Much of Emily Gould’s article about her life as a professional blogger doesn’t seem similar at all to my life, but her description of the odd phenomenon of quasi-fame that comes from being a blogger has some resonance with me:
I started seeing a therapist again, and we talked about my feelings of being inordinately scrutinized. “It’s important to remember that you’re not a celebrity,” she told me. How could I tell her, without coming off as having delusions of grandeur, that, in a way, I was? I obviously wasn’t “famous” in the way that a movie star or even a local newscaster or politician is famous — I didn’t go to red-carpet parties or ride around in limos, and my parents’ friends still had no idea what I was talking about when I described my job — but I had begun to have occasional run-ins with strangers who knew what I did for a living and felt completely comfortable walking up to me on the street and talking about it. The Monday after my disastrous CNN appearance, as I stood in line at Balthazar’s coffee bar, a middle-aged man in a suit told me to keep my chin up. “Emily, don’t quit Gawker!” a young guy shouted at me from his bicycle as I walked down the street one day. If someone stared at me on the subway, there was no way to tell whether they were admiring my outfit or looking at the stain on my sweater or whether they, you know, Knew Who I Was.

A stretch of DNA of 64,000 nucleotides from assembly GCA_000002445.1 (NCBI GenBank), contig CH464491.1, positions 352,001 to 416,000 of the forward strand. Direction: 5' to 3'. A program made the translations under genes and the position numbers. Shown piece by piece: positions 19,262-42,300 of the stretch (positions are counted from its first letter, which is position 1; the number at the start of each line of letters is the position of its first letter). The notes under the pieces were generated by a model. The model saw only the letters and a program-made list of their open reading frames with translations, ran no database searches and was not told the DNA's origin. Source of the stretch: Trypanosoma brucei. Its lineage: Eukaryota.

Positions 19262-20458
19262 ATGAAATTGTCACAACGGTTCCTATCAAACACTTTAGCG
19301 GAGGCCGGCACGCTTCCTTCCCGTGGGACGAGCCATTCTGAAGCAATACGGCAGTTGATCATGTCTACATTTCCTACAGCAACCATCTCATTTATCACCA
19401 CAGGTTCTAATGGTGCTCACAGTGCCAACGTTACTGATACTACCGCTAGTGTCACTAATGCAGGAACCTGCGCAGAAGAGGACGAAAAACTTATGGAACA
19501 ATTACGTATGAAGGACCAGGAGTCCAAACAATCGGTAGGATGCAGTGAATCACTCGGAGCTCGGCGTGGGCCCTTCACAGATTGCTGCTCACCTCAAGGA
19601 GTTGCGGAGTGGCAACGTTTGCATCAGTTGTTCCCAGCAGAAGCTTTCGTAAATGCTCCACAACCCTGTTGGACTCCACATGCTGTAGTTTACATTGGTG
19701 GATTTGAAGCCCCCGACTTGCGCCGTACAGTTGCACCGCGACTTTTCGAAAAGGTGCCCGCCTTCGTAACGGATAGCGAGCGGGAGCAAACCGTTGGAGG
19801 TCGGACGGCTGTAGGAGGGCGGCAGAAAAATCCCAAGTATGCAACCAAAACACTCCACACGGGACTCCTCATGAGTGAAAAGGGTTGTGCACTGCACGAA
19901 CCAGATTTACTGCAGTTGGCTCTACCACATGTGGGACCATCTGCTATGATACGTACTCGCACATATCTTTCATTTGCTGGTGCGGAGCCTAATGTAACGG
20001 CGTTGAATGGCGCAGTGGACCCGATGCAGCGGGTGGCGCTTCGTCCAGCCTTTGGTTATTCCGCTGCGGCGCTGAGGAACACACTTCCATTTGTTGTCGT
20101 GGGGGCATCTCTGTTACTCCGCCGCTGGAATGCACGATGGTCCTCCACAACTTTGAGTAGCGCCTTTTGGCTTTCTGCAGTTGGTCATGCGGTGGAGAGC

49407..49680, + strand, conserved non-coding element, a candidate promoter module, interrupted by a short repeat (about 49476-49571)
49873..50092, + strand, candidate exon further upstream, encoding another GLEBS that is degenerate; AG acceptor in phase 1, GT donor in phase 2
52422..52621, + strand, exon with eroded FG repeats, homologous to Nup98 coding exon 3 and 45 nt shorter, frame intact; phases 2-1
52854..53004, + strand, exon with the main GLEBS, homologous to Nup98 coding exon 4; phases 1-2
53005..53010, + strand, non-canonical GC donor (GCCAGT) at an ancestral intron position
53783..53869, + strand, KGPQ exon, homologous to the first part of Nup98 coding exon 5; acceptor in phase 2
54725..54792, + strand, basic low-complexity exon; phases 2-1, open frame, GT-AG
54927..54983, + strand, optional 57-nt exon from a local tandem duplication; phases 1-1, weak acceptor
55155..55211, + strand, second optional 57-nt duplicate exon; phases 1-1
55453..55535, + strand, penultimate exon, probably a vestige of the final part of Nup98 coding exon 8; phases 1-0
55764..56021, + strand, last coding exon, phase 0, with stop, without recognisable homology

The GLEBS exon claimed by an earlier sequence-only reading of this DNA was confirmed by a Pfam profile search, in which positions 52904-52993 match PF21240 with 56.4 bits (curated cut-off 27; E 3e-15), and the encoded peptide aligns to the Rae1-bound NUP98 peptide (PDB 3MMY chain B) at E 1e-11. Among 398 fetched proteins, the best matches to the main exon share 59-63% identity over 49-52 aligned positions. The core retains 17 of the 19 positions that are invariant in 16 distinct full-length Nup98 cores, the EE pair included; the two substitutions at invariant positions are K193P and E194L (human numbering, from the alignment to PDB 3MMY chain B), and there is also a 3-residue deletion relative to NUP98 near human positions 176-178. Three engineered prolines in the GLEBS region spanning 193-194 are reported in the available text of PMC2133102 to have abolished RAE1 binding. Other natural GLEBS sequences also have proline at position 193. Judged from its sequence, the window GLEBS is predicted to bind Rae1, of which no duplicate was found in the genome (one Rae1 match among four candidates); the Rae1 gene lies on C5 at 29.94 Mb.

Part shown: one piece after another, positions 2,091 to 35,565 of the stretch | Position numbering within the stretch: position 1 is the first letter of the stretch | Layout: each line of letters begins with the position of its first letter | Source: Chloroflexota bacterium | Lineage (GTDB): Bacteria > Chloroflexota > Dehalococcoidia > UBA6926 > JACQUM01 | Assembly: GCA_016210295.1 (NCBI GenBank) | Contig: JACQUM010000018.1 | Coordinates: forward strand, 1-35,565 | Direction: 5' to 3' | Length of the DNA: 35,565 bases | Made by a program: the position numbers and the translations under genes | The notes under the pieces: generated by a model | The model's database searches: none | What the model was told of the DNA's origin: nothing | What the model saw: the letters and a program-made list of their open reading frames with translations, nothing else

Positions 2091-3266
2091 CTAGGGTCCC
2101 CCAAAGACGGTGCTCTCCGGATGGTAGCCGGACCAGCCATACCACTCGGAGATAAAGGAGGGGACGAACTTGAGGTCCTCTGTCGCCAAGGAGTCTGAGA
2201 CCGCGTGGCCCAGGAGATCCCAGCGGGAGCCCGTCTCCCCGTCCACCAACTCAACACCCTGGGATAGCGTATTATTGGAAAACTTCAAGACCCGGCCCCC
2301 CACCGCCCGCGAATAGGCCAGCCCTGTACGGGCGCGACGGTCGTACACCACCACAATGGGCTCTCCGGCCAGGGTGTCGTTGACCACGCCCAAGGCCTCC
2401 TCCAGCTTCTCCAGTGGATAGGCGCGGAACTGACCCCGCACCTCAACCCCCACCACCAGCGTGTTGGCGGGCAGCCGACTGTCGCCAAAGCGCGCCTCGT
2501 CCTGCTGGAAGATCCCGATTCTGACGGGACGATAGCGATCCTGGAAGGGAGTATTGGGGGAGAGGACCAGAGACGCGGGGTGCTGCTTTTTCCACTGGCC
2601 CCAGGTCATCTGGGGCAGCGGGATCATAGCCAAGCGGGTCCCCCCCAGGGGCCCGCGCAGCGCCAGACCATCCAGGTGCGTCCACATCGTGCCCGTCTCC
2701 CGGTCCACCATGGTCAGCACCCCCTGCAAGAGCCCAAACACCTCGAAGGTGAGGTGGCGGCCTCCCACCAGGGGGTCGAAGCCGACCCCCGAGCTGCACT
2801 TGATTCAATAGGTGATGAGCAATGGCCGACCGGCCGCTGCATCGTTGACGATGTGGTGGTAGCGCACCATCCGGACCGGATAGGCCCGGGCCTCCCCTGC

It’s a pretty weird phenomenon, though since I’ve been doing this blog for over six years now (over 22+ percent of my life!) I’ve gotten used to it. People sometimes come up to me in bars, Metro stations, etc. and introduce themselves as if I were a real celebrity which is always flattering but then again it makes me worry that I’m somehow not living up to the blog persona or something.